Is Plasmodium a bacteria. Why?
No, Plasmodium is actually a protozoan—that is, a single-celled organism that is usually microscopic and belongs to the Domain Eukaryota (which also includes all plants and animals, but excludes bacteria and archaea). More specifically, Plasmodium belongs to the Apicomplexa group of protozoans, which are characterised as being parasites of animals, and possessing several unique characteristics, such as an apical complex structure used for invading host cells, and from which the group derives its name.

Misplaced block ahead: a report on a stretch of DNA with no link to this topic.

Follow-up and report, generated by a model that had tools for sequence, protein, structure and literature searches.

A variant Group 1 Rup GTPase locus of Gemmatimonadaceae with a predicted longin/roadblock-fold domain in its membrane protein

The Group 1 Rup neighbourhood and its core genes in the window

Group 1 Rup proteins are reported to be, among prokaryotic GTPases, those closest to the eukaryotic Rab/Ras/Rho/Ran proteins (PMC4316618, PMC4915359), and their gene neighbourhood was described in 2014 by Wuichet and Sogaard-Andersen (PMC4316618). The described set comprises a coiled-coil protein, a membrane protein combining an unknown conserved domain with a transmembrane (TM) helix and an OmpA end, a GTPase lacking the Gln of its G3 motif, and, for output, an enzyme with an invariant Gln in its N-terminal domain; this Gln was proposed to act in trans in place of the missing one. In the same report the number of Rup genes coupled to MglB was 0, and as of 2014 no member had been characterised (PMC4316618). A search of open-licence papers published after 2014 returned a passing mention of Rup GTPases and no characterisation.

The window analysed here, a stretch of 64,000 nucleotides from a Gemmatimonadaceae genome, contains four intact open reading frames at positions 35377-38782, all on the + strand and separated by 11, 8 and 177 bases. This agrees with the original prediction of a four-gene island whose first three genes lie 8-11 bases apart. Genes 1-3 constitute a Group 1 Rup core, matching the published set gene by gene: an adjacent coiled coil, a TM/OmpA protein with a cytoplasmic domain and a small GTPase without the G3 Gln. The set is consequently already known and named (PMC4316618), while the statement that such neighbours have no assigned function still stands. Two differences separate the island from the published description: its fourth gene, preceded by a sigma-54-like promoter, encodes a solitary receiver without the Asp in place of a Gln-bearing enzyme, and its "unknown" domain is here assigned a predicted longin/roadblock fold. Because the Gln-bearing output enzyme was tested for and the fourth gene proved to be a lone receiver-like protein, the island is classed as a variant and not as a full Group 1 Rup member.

Protozoans differ from bacteria in terms of evolutionary history as well as a number of key characteristics. For example, protozoans, like all eukaryotes, possess a membrane-bound nucleus and organelles, neither of which are seen in bacteria. Bacteria, moreover, can produce their own food (they are autotrophic), whereas protozoans tend to be heterotrophic and rely on other organisms for food.